Robert William Service (January 16, 1874 – September 11, 1958) was a British-Canadian poet and writer, often called “the Bard of the Yukon”.
Born in Lancashire of Scottish descent, he was a bank clerk by trade, but spent long periods travelling in Western America and Canada, often in some poverty. When his bank sent him to the Yukon, he was inspired by tales of the Klondike Gold Rush, and wrote two poems “The Shooting of Dan McGrew” and “The Cremation of Sam McGee”, which showed remarkable authenticity from an author with no experience of gold-mining, and enjoyed immediate popularity. Encouraged by this, he quickly wrote more poems on the same theme, which were published as Songs of a Sourdough (re-titled The Spell of the Yukon and Other Verses in the U.S.), and achieved a massive sale. When his next collection Ballads of a Cheechako proved equally successful, Service could afford to travel widely and live a leisurely life, basing himself in Paris and the French Riviera.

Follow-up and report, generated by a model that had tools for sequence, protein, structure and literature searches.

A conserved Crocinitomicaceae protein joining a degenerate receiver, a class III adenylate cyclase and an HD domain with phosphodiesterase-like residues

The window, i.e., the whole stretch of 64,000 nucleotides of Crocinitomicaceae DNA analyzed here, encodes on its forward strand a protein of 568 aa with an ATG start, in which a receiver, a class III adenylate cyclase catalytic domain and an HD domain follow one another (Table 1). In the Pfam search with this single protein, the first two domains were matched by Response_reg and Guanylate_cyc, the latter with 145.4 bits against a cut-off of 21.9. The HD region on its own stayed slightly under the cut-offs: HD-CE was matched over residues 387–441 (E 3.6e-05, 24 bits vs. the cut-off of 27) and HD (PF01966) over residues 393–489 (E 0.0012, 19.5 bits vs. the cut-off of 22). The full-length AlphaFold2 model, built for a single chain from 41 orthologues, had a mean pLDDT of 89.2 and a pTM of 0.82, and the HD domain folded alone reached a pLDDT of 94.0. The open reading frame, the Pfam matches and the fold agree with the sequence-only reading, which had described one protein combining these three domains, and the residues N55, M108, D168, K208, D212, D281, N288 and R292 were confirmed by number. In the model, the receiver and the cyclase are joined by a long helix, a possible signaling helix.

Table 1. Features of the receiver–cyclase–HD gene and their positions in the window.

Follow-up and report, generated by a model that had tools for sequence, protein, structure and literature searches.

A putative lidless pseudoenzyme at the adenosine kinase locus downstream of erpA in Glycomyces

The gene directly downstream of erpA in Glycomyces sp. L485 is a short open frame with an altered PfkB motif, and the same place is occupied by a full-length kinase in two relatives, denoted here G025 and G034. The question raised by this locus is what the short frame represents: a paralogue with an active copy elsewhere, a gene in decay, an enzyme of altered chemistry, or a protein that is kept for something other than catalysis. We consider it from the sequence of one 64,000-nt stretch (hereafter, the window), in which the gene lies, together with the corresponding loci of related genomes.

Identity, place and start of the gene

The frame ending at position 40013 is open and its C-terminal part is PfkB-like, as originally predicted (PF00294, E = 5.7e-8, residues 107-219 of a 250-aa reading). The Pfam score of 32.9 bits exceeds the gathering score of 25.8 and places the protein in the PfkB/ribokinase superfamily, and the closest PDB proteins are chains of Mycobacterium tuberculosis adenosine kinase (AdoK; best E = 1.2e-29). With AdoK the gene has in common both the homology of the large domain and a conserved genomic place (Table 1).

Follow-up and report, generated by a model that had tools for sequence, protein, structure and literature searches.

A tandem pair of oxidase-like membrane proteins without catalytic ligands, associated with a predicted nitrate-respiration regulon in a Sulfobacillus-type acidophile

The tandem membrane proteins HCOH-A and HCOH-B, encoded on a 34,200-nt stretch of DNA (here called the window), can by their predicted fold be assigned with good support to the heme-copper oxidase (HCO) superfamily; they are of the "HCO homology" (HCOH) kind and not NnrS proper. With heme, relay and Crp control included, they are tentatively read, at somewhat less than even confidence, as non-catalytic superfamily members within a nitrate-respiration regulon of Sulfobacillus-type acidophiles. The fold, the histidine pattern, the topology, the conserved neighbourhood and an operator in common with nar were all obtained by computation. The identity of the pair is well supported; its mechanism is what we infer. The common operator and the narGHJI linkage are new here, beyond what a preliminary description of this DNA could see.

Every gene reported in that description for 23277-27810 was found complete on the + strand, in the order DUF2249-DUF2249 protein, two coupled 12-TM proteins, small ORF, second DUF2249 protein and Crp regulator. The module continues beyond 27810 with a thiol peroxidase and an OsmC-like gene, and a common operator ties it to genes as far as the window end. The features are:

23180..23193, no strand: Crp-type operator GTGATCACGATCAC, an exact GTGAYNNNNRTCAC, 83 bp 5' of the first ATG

Partly because of their popularity, and the speed with which he wrote them, his works were dismissed as doggerel by the critics, who were tending to say the same of Kipling, with whom Service was often compared. This did not worry Service, who was happy to classify his work as “verse, not poetry”.